Long Island’s history with whales likely dates back to the 1600s when, according to sparse artifacts such as engravings, Native Americans hunted whales that swam close to shore. Long Islanders went on to pioneer whaling in the Northeast, opening ports in Sag Harbor, Greenport and Cold Spring Harbor. The whale was like a buffalo. It had multiple purposes—food, oil, tool-making.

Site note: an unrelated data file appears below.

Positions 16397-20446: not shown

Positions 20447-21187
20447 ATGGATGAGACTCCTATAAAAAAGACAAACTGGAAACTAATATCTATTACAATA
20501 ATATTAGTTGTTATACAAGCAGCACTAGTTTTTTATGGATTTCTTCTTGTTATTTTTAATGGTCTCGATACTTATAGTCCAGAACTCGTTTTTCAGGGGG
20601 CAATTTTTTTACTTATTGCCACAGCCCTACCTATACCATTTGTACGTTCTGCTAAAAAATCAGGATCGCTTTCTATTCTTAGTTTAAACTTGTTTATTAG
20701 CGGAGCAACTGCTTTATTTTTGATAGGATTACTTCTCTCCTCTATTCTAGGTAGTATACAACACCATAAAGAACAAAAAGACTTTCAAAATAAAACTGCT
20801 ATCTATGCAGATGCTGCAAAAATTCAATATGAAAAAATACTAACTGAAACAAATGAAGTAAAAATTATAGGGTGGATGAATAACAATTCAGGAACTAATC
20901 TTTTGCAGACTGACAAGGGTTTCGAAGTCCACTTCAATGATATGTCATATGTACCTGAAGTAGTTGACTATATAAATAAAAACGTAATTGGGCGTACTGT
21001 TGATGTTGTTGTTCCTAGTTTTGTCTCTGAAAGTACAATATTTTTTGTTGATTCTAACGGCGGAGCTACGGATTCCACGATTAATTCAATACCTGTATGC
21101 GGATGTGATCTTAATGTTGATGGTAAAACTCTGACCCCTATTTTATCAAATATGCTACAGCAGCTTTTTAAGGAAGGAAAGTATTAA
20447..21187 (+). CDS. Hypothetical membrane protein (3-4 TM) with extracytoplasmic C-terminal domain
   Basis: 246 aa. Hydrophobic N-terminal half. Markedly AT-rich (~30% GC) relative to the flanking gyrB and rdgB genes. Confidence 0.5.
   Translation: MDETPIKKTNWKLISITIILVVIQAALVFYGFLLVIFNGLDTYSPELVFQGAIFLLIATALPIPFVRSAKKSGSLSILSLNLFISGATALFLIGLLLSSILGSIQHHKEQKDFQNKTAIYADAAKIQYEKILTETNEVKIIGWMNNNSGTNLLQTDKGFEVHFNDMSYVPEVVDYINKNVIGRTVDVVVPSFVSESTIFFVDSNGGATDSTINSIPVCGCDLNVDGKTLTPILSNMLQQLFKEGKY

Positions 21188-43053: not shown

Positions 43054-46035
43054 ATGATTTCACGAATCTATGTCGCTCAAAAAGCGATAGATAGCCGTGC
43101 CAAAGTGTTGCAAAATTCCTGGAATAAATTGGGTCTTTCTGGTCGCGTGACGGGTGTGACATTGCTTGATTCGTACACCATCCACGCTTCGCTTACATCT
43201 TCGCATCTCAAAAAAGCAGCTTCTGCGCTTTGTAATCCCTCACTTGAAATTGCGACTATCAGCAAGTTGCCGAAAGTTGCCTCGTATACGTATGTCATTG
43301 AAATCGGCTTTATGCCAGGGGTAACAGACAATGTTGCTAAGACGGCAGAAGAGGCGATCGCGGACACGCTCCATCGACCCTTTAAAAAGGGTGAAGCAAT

Though the International Whaling Commission banned almost all whaling in 1986, our shores had appeared void of the sea mammals for about half a century. But last July, two humpbacks were repeatedly spotted in the Long Island Sound, prompting media and beachgoers to wonder if whales were navigating local waters more often. Robert A. DiGiovanni, the founder and chief scientist of Atlantic Marine Conservation Society would get word of a few sightings per year. Since 2014, it has gotten a few per week, mostly in New York Harbor, the Long Island Sound and the South Shore of Long Island.
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